A new warning that bauxite may become unstable when carried in bulk on a ship, potentially causing the vessel to capsize, has been issued by the International Maritime Organization (IMO).
Bauxite is one of the world’s major sources of aluminium with around 100 million tonnes transported annually by sea. In 2015, a bulk carrier sank while transporting bauxite, with the loss of 18 seafarers.
Research presented this week to an IMO Sub-Committee found that certain forms of bauxite with a large proportion of smaller particles could be subject to a newly-identified phenomenon of “dynamic separation” when there is excess moisture in the cargo.
In such conditions, a liquid slurry (water and fine solids) can form above the solid material, according to the report of an international Global Bauxite Working Group on Research into the Behaviour of Bauxite during Shipping. The resulting free surface effect of liquid sloshing about could significantly affect the vessel's stability, leading to the risk of the ship capsizing.
IMO’s Sub-Committee on Carriage of Cargoes and Containers (CCC 4, which met 11-15 September at IMO Headquarters), raised awareness on the potential risks posed by moisture and provided new guidance on carriage of bauxite, in the form of a circular aimed at shippers, terminal operators, shipowners, ship operators, charterers, shipmasters and all other entities concerned.
The circular requests that extreme care and appropriate action be taken, taking into account the provisions of relevant IMO instruments, when handling and carrying bauxite in bulk.
The circular takes immediate effect, ahead of the next scheduled adoption (in 2019) of the new test methods and relevant schedules for bauxite cargoes during the routine scheduled updating of the International Maritime Solid Bulk Cargoes (IMSBC) Code. The IMSBC Code is the industry rulebook on how to deal with bulk cargoes.
The CCC.1 circular updates a previous circular on carriage of bauxite and invites Governments to note that some bauxite cargoes (specifically those with a larger proportion of smaller particles) present a risk caused by moisture and should be treated as Group A cargoes. Excess moisture in such cargoes can lead to a free surface slurry. This can cause atypical motion of the ship (wobbling). The master should take appropriate action in the event of this possible sign of cargo instability.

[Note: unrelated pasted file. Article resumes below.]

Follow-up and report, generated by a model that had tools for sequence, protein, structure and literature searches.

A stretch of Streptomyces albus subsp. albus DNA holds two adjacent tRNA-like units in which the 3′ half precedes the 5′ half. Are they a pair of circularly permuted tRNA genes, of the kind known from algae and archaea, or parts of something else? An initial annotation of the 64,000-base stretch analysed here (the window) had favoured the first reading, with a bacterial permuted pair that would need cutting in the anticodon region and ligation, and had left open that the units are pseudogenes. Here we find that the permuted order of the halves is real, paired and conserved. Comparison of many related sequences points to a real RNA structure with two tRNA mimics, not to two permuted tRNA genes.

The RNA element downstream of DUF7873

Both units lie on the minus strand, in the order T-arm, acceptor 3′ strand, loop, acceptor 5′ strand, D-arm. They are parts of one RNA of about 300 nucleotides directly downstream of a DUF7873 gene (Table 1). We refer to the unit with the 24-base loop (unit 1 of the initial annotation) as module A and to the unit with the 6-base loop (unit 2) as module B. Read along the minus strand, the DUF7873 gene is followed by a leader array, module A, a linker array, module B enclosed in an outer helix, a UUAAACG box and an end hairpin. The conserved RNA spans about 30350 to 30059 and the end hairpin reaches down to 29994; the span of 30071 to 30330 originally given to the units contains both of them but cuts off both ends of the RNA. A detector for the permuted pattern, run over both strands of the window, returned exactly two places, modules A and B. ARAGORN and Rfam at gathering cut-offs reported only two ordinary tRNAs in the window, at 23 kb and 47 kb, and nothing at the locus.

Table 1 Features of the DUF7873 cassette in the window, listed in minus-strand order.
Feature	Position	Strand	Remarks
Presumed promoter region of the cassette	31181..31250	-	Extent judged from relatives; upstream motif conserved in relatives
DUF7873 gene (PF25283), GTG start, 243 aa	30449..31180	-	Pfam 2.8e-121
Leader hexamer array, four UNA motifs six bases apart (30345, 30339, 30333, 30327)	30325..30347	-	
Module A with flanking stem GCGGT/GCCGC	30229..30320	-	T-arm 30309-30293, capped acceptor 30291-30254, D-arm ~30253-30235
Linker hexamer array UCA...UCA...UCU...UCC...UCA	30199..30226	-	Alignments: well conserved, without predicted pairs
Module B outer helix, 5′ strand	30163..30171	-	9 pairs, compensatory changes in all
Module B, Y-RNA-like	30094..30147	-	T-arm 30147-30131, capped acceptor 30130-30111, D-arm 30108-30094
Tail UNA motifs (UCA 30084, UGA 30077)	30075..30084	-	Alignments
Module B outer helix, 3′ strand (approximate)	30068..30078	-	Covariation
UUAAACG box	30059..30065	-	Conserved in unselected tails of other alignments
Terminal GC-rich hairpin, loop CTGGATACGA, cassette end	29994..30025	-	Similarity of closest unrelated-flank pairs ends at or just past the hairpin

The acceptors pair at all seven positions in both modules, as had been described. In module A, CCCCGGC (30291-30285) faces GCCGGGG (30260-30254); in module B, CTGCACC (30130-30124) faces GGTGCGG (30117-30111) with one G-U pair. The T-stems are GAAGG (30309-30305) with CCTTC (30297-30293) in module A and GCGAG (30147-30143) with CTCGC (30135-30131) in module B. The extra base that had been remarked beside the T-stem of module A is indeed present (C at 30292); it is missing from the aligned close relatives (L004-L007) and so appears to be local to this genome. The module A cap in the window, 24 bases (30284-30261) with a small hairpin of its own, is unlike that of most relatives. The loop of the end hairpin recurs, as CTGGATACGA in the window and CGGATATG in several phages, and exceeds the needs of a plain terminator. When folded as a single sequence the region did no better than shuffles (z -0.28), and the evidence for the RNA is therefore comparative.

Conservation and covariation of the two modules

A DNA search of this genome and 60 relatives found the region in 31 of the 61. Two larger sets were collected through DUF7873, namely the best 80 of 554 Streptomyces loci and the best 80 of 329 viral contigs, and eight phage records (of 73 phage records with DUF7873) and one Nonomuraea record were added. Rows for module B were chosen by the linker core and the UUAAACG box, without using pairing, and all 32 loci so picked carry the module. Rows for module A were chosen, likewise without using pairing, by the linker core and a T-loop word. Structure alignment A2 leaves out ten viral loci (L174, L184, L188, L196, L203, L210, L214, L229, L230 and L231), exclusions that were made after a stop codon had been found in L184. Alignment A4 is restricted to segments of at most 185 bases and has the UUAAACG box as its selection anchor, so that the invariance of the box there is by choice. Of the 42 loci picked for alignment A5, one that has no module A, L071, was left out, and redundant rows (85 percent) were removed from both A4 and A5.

The circular includes the draft Test Procedure for Determining the transportable moisture limit (TML) for bauxite; the draft individual schedule for bauxite of Group A (Bulk Cargo Shipping Name "BAUXITE FINES"); and draft amendments to the existing individual schedule for bauxite of Group C (bauxite with a lower proportion of smaller particles and with a degree of saturation by moisture not liable to reach 70%).
Bauxite is a rock formed from the weathering of either silicate rocks (granite/basalt) or carbonate rocks (limestone/dolomite). Bauxite is found mainly in tropical and sub-tropical areas such as Africa, South America and Australia with some small deposits located in Europe.
A total of approximately 100 million tonnes (Mt) of bauxite is transported by sea annually. Brazil and Guinea dominate seaborne supply with over 30Mtpa each. Australia supplies over 20Mtpa and Malaysia accounts for about 10Mtpa. Small amounts are supplied from Sierra Leone, Guyana, Ghana and other shippers.
Global Bauxite Working Group (GBWG)
There is a long history of safely shipping bauxites over many decades and problems and accidents resulting from carrying bauxite cargoes are extremely rare. However, after the loss of the bauxite carrying vessel the Bulk Jupiter in early 2015, the global bauxite industry was requested by IMO to undertake research into the behaviour of bauxites during ocean transportation. The global bauxite industry responded by forming the Global Bauxite Working Group (GBWG) to conduct research on the behaviour and characteristics of seaborne traded bauxites to inform the IMO in relation to the safe shipping of bauxites.
The GBWG membership consists of a wide variety of key disciplines, including shippers (miners), transporters (ship owner/operators) and users (alumina refinery operators) as well as various consultants with backgrounds in geotechnical and hydraulic engineering, maritime science engineering and real-world operations.